The new coronavirus is not caused by climate change.
However, some of the circumstances that set the stage for the emergence of the disease are also part of the climate change puzzle, and infectious disease more generally is part of the package of problems caused or made worse by climate change. There are other ways in which the two stories are linked.
Let us explore those links.
The Climate and Corona
Coronavirus is not actually the name of the disease, though anyone who has watched at least one news broadcast in the past month knows what disease I mean. There is an excellent summary of the outbreak here, but I’m unclear whether the article is going to be updated–it might look very different by the time you read it, as this story is evolving very quickly.
The new disease has been officially named 2019-nCoV or COVID19, but most people continue to refer to it simply as the coronavirus. I will sometimes do the same.
I’ve seen posts on social media to the effect that coronavirus has killed very few people in comparison to, say, poverty, and the only reason it’s been getting so much attention is that it can kill rich people. Such criticism is fair in a general way, but it misses a crucial point; coronavirus has killed very few people yet, but if infection gets close to universal (and it could), the death toll will be in the millions, and most of those lost will be among society’s most vulnerable–the poor, the elderly, and the already ill.
The faultlines of vulnerability and bias in our society are going to be very much on display.
While COVID19 itself appears not to be caused by climate change (the virus appears to have jumped into our species from animals held at an open-air market), other, equally dangerous, diseases do have a strong link, or could have one.
First, there are diseases, such as malaria, that are spread by animals that require warm temperatures. A warming Earth means those diseases can spread farther and have longer seasons. There is also some evidence that influenza, which normally prefers cold weather, may (counter-intuitively) become more of a problem as the climate warms. There are also long-frozen viruses coming out of permafrost that could conceivably start finding hosts. And as animals change their ranges in response to the changing climate, some could come into contact with humans who haven’t before, potentially giving us diseases we don’t have immunity to.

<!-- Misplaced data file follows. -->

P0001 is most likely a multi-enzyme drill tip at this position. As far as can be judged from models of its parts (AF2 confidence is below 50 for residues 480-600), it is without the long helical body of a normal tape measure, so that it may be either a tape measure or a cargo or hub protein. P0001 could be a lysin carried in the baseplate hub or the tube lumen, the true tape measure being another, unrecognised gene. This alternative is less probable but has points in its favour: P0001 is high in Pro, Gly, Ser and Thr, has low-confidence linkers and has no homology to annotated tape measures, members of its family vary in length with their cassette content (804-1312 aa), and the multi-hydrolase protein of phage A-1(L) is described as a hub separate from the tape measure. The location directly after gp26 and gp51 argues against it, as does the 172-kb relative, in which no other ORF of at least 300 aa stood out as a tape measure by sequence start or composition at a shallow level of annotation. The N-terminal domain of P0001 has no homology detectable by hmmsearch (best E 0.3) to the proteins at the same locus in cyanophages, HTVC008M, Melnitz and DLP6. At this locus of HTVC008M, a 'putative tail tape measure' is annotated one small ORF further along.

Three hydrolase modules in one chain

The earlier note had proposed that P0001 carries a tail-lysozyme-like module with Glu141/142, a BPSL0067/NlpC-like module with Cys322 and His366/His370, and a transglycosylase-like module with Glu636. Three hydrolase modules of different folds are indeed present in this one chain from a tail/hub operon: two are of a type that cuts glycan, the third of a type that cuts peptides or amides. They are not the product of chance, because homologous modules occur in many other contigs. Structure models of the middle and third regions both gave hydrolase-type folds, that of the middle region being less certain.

New diseases don’t usually kick off made-for -Hollywood disasters, and coronavirus is unlikely to do so. What it is likely to do is cause a lot of pain and suffering world-wide and be a major and expensive pain in the neck for possibly every country on the planet. And since climate change is likely to increase the frequency of new diseases, we’re seeing a preview of the future, unless we do something to change our trajectory.
One major way that humans pick up new disease from animals is by moving into wild places humans don’t normally go–a situation that’s becoming ever more common as humanity continues to press outward, logging, poaching, and developing previously wild lands. Once a disease makes a jump into our species, the chance of it spreading worldwide quickly is very high, thanks to frequent intercontinental air travel. If humanity used less in the way of resources–as we will have to, without fossil fuel–there would be less logging, less poaching, and less air travel. There would also be less risk of global pandemic.
There is a wonderful book called Spillover, by David Quammen, that explores these and other ideas and presents a thorough introduction to how diseases spread into our species. I recommend reading it in light of current events.
Coronavirus (and the policies designed to stop it) are causing a measurable reduction in greenhouse gas emissions–when economies slow, so do emission rates. It is tempting to secretly cheer for the disease. I don’t think such cheering is as immoral as it sounds, since cheering alone can’t have any effect on the progress of the disease, but coronavirus is not any kind of solution. First, the change is temporary, and China, for one, has a habit of increasing economic output after a slow-down to make up for lost. Second, the immediate crisis of the disease is likely to distract from efforts to curb emissions, even though climate change ultimately stands to kill more people.
The new coronavirus could present us with an opportunity to see what it looks like when the world takes a crisis seriously and responds together–and we could take that example and apply its lessons to climate change knowing that public health, like everything else, is going to get harder to look after the worse we allow climate change to get.
Or, we could use the threat of coronavirus as an excuse to put climate even more firmly on the back burner and then simply get used to another level of disaster and suffering, recommitting ourselves to complacency.
We have a choice to make.
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